The Gunnison that had so eluded us for miles and miles we could now see, not just hear. We had to hang our heads over the edge to put it in our sights. It was waaayyy down at the bottom — the only piece in the crevasse bathing in light. In a dreadful way, it looked exactly like the little blue line on the map. My stomach turned and I could feel the nerves in my neck and jaw shudder with warning. I glanced to either side to see my kids' faces and curled fingers in that unguarded place. I reached out and gently touched their backs, at times holding their shirts, as they looked over that which was so unsafe, that which was so awesome and beautiful.
Every trail on this side of the rim led us to what was considered an "overlook." The danger was real, but we were not there to hike the top. We wanted to absorb the realities of what was below — the breathtaking effects of moving waters that had cut through seemingly immovable rock.
In working through the realities of our circumstances, now nine months later, I was drawn to create this piece of that particular moment on the edge. Despite all our management plans and trail mapping, our path has continued to open us up to the edge. No rails. No warning signs. Just a nudge that whispers, "Look over." My gut tells me to respond out of fear. I want to either backpedal or work to create my own kind of bridge across a dark canyon of unknown.
With all the stomach turning at these overlooks, I'm learning (slowly it seems) to just get down to my knees and make my way to the edge and breathe. There is a river flowing that has been cutting and making a way since the beginning. The realization that One has never changed in His moving is so powerful when compared to the haphazard paths I convince myself are immovable. I'm drawn to look over and rest assured that the unknown has something fixed about it. All is dark and painted except the river far, far below my reach. It's terrifying and beautiful. This piece speaks to that reality.
"Surely the Lord is in this place, and I did not know it." Genesis 28:16
20 ounces of gold
Our family was boondocked about 15 miles from Grand Teton National Park. We wanted to drink in the full majesty of the Tetons, but impending weather threatened our plans for a mountain hike. The clouds had completely engulfed the peaks. I was disappointed. Instead, we took to a lake trail that allowed us to penetrate the surrounding forest.
My heart was already beat up. Recently, work opportunities had been upended and my husband and I were wrecked on the inside trying to find other means for stability. Just the day before, we had walked through Jackson, Wyoming as observers only, afraid to spend a dime, shaking our heads no every time the kids looking longingly at something this town had to offer. It twisted something inside me. All I knew to do was "do." We took to the trail, hoping to perhaps see a moose. I just wanted to beat the dew-covered trail with questions (more like a tantrum), sweat some disappointment, and hope for some mental relief.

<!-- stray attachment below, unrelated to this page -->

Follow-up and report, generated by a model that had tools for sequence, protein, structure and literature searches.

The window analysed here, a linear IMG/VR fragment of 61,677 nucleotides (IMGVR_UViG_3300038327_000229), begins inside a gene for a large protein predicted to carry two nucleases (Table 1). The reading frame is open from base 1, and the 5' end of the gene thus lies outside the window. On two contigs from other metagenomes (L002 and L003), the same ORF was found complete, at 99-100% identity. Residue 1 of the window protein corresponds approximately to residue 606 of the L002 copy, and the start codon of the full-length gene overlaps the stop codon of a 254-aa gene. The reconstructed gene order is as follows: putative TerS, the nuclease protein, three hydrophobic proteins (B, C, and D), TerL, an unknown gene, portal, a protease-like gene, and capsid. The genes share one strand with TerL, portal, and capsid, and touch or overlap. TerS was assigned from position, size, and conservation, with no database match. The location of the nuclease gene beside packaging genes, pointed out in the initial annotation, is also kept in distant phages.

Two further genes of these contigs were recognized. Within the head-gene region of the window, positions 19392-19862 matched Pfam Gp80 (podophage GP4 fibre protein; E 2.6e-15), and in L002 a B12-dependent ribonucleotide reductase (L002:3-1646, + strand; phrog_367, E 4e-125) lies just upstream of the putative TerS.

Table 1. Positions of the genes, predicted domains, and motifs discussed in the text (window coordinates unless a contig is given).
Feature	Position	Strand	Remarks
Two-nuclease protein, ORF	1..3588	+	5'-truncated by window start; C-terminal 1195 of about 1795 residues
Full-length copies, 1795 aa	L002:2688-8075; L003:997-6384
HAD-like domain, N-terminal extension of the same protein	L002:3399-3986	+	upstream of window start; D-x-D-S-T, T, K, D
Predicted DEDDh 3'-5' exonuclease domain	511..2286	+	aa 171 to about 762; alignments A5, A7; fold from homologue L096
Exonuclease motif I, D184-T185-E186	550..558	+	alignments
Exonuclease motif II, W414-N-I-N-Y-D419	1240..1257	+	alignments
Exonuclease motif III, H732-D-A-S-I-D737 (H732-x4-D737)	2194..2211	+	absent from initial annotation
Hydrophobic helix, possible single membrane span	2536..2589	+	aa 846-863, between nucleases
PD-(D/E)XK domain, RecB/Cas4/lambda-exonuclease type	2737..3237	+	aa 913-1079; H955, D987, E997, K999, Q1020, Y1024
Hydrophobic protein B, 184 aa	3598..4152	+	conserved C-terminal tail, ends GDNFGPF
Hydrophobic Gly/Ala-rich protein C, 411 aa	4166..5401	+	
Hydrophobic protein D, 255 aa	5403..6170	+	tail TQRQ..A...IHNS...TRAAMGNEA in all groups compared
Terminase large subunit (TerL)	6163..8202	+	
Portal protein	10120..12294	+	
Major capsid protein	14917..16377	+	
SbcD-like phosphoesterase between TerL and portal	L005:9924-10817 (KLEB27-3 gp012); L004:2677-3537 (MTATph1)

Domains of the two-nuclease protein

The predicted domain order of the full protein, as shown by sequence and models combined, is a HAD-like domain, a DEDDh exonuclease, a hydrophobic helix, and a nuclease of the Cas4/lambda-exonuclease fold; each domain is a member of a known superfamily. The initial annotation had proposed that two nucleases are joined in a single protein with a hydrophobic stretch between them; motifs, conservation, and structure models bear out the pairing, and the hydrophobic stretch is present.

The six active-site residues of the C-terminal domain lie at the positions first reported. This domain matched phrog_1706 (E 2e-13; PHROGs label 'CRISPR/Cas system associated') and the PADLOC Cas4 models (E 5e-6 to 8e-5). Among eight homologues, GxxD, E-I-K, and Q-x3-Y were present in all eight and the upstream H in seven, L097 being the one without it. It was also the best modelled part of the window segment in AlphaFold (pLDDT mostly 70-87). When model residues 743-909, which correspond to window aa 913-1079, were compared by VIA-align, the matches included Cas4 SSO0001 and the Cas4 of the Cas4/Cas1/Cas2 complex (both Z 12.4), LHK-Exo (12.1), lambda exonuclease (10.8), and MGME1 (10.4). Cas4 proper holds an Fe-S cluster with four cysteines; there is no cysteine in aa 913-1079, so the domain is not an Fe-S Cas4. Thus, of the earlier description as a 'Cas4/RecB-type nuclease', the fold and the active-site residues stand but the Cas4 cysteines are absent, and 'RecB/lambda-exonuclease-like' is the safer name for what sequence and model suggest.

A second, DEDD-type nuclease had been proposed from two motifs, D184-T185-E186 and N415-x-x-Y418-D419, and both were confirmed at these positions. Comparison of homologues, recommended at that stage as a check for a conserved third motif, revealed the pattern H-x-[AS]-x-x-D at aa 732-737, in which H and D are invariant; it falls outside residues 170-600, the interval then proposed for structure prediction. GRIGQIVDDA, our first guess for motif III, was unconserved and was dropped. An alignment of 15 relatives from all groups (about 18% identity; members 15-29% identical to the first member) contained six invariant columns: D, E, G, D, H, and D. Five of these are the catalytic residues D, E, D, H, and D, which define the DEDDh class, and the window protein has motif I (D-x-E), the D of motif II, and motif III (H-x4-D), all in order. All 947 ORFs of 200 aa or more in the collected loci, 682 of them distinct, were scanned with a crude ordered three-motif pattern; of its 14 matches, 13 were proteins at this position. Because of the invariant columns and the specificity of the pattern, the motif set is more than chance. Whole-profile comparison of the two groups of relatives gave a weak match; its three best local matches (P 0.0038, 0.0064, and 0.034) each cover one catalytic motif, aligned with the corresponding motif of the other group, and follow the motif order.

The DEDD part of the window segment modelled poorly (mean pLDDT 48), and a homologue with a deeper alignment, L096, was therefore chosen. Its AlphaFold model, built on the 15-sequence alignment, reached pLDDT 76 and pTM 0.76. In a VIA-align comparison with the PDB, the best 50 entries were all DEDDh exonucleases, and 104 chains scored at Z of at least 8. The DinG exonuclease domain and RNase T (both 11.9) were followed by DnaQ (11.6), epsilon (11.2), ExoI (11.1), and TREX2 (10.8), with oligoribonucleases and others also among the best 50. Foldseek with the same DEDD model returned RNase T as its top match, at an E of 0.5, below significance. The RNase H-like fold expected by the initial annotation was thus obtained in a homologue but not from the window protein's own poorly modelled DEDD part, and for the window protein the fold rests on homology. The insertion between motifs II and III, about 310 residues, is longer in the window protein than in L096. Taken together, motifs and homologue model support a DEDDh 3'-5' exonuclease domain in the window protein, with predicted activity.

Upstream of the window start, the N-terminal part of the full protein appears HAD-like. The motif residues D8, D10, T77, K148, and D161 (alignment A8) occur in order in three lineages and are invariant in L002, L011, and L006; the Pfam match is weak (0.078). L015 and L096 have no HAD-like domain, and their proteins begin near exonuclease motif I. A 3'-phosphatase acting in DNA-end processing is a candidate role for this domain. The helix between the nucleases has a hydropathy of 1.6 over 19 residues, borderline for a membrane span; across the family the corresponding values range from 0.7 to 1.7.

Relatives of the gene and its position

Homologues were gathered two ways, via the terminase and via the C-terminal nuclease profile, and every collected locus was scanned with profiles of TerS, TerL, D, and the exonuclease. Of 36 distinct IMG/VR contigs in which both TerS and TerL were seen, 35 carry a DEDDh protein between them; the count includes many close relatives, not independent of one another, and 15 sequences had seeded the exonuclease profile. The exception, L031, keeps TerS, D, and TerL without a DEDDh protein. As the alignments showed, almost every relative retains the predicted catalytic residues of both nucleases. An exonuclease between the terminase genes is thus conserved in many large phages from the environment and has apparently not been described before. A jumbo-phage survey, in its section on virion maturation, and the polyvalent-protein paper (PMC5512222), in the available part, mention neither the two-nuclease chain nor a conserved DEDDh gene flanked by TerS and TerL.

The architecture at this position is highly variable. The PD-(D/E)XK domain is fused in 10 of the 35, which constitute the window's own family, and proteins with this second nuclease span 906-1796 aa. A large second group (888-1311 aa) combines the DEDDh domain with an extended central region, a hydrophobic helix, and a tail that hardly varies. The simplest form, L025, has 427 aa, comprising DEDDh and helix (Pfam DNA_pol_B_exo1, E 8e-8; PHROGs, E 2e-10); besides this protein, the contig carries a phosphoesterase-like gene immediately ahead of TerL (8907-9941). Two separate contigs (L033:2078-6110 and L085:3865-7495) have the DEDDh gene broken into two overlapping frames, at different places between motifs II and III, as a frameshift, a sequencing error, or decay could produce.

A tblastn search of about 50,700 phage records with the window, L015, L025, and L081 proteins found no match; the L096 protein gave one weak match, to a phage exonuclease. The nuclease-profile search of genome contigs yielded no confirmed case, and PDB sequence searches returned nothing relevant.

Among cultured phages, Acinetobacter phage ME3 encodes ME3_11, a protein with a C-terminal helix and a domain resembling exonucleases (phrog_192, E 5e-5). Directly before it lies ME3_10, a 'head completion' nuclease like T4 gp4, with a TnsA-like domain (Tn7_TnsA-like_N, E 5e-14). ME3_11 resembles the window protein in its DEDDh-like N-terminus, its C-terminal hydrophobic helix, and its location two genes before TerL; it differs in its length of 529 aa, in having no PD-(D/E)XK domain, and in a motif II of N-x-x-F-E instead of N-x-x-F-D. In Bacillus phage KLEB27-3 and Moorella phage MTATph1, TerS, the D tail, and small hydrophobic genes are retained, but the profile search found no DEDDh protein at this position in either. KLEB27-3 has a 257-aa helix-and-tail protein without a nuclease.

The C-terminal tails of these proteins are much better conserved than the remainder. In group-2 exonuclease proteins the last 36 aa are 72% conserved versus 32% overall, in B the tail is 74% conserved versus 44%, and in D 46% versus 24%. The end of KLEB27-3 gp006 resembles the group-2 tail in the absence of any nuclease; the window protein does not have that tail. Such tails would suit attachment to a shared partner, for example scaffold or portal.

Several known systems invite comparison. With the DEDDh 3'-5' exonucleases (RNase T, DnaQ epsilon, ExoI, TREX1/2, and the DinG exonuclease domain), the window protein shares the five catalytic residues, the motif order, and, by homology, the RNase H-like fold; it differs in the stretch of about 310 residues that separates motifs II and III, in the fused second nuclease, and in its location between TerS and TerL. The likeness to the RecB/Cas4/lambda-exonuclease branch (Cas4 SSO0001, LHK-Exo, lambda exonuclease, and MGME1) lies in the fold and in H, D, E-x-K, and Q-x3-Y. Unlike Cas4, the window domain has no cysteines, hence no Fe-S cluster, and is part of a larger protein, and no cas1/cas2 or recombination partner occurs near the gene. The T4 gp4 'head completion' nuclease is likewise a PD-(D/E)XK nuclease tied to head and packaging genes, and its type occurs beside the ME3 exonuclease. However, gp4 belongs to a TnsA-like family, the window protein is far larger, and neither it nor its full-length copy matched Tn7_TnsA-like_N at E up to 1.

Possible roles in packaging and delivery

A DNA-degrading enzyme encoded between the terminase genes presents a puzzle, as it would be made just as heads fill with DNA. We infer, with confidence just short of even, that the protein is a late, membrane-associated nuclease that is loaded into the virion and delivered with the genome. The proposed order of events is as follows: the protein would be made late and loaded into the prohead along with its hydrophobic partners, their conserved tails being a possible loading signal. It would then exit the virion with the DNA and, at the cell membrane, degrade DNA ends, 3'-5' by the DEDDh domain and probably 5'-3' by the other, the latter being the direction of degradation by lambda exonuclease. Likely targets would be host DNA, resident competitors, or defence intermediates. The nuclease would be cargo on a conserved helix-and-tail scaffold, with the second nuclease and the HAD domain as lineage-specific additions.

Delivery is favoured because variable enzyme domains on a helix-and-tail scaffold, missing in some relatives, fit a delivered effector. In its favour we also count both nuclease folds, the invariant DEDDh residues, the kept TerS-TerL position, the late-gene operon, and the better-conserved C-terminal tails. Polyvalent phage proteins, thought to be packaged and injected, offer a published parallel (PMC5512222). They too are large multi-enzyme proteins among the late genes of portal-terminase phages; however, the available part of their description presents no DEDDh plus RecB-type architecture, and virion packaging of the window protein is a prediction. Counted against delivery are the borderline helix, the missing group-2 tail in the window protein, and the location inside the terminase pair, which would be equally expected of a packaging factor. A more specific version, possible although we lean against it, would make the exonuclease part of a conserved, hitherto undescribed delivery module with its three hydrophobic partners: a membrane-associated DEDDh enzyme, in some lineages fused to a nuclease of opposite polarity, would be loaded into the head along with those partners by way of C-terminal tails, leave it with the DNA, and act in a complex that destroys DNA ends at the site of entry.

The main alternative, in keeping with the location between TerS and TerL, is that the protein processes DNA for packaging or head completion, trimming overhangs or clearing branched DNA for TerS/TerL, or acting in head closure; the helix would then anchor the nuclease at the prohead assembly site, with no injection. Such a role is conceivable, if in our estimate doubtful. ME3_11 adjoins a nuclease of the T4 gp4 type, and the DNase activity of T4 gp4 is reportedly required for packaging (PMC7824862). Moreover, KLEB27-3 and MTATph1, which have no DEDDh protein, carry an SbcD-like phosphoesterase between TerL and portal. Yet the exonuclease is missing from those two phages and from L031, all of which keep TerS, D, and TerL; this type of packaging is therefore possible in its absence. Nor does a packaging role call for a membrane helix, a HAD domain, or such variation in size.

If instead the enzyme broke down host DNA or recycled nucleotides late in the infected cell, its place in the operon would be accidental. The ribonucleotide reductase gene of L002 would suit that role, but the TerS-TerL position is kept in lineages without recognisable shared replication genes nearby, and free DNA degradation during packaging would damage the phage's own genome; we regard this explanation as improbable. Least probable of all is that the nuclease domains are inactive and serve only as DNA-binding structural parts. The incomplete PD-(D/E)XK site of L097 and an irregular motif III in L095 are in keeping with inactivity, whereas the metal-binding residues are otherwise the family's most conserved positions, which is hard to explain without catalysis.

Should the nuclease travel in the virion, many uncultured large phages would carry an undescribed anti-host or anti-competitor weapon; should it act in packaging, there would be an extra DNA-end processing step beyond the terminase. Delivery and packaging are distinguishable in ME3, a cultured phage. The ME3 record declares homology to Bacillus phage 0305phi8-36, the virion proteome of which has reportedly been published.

About two miles in, my son pointed out a few berries hidden under a leafy bush. The kids swore they were huckleberries and not the poisonous kind the ranger warned them about. They took a few and ate them. I kept walking, not wanting to be stopped so long by the distraction, but I was alone. They were laughing behind me, yelling out new discoveries of berries on either side of the trail. My daughter pulled out a container from her pack and began tossing in the blue and purple berries. I sighed. We didn't have time for this.
I stood there for a long while watching them graze from bush to bush. I was aware of my own unyielding fear and pain inside, but I didn't want to exhale. I didn't want to smile. My heart was bruised, but their tongues were tinted blue. Looking all around me at the dripping leaves almost touching my legs, I slowly lifted the soaked branch near my knees to uncover berries hanging there like a hidden treasure, all shiny and full and covered.
We forgot our hike. We forgot our fear. We saw the gift. We wove ourselves on and off the trail among the bushes. A berry in the container. A berry in the mouth. Soaking wet from the waist down, washing me all over. Hands wrinkled and bruised blue and purple. Slowly, slowly the ache inside gave way to consuming a treasure I did not deserve. I laughed so hard that it healed. I ate until I was filled.
We stuffed every container we had. Twenty ounces of gold we packed out that day.
It was a sacred day. A moment made for us. The reality of seeing and receiving something so rich and undeserved converted that trail to holy ground.
Blessing unwinds the tangled soul. It straightens a crooked, disappointed heart. It washes the filth.
"Rain in abundance, O God, you shed abroad; you restored your inheritance as it languished; your flock found a dwelling in it; in your goodness, O God, you provided for the needy." Psalm 68:9-10